The first thing to emphasize about Indonesia's June 7 election is that it took place at all. This was only the second free election in the country's history; the other was held in 1955. True, the count has been slow, and concerns about fraud have swirled, but they haven't been substantiated.
Moreover, the balloting and the campaign that preceded it were remarkably peaceful, considering the political and economic turmoil of the past year. Indonesians appear ready to move on to a new, more democratic phase of national development.
But the exhilaration of the election has given way to worries about what happens next. The party of Megawati Sukarnoputri, daughter of independence leader Sukarno, has a strong plurality of votes. Its lead should hold once the final count is in, July 8. But her Indonesian Democratic Party of Struggle will have to link up with other parties to get the parliamentary majority needed to make Megawati president. Her most likely coalition partners are prominent Muslim politicians, yet she faces opposition from some Muslim traditionalists, who don't want a woman president.
Still in the running for the presidency is the Golkar Party of former strong man Suharto, now led by his protg B.J. Habibie. Since Suharto's ouster last year, Mr. Habibie has served as president and has overseen needed reforms. But he and his party are tainted by the autocratic past.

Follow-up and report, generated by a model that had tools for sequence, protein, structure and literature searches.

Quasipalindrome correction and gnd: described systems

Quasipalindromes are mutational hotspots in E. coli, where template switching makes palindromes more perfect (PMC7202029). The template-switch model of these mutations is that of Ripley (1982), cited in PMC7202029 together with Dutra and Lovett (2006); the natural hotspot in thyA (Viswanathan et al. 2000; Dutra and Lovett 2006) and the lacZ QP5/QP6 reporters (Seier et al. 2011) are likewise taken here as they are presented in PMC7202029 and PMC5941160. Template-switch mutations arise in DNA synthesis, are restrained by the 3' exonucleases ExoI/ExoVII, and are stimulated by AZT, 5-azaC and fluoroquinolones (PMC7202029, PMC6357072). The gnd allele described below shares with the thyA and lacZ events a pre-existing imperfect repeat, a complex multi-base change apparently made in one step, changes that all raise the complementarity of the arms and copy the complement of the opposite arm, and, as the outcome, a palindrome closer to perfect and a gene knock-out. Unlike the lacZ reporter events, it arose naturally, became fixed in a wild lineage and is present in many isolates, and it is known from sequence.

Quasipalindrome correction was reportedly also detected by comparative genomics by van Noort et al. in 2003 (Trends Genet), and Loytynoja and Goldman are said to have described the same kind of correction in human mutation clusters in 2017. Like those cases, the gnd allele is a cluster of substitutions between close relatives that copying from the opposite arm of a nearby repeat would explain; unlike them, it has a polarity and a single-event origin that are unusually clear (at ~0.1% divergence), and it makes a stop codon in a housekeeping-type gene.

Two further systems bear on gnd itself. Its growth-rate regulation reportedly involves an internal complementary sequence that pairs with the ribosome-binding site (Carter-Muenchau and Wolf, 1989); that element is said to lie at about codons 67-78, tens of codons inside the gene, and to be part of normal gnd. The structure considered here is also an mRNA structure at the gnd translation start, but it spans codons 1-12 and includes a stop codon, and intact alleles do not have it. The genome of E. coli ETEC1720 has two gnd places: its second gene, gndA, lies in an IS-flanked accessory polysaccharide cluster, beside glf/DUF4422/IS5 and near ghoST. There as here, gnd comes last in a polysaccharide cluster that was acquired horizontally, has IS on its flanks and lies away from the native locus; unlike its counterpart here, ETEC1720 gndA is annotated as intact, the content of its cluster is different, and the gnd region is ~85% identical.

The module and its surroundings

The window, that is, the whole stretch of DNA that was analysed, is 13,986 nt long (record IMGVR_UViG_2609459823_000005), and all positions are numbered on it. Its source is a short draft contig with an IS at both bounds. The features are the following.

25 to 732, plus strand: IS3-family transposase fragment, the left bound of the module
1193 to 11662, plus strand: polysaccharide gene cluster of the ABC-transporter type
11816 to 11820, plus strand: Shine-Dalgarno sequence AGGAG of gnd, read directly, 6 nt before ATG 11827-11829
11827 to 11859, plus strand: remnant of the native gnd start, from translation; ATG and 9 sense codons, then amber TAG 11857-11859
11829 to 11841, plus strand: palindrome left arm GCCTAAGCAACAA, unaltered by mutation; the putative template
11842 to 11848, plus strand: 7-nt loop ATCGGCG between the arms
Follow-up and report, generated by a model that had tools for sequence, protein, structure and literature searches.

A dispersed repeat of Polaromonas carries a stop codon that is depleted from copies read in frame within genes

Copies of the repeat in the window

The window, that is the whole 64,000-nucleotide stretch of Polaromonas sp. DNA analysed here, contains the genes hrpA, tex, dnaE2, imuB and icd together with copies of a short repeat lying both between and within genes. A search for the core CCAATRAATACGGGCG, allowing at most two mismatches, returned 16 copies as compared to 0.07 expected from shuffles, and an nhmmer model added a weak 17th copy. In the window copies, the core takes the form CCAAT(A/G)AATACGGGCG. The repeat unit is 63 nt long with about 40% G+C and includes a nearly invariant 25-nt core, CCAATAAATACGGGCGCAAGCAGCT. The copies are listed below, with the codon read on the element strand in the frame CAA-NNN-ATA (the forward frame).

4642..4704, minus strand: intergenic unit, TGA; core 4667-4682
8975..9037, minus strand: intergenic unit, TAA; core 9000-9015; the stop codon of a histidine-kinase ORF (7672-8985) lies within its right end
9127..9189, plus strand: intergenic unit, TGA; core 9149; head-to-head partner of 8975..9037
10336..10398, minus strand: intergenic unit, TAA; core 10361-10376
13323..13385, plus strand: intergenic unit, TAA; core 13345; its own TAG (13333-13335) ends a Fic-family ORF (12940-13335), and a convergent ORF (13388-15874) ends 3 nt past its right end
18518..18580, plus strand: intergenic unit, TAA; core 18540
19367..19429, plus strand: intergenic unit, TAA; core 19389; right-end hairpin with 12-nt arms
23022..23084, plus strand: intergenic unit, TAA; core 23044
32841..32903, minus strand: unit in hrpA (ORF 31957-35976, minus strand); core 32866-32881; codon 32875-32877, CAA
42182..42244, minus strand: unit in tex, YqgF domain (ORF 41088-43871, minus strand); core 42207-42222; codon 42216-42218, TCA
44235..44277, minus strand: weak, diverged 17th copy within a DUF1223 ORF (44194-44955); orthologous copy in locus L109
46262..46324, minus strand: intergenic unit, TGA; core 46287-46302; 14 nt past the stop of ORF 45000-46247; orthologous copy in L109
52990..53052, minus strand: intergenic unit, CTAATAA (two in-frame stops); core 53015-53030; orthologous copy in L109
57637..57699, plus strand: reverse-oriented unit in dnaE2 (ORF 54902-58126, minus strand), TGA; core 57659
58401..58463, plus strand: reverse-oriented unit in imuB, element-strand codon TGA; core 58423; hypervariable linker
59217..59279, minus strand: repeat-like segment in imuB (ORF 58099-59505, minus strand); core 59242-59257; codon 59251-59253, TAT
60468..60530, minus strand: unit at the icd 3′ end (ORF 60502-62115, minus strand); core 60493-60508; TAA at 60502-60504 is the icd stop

Remnants of that past persist in the system for choosing a president. The June 7 vote selected members of the People's Consultative Assembly, not a president. That body will convene this fall and choose the new president in November.
The assembly isn't as packed with appointive members as it was under Suharto, for whom it was a rubber stamp. But of its 700 seats, the military still has an obligatory 38; another 200 seats are also appointive, going to special interests, like professional groups, or to regional representatives. A small, unelected block like the military's could end up swinging a deadlocked assembly one way or the other. An even greater concern is that vote-buying could determine the outcome.
The strongest safeguard against such tendencies is the public's clear desire for an end to government riddled with corruption and nepotism. The newly elected assembly members should honor that desire, select a credible leader, and maintain Indonesia's democratic trend - which must include devising an electoral system less prone to manipulation.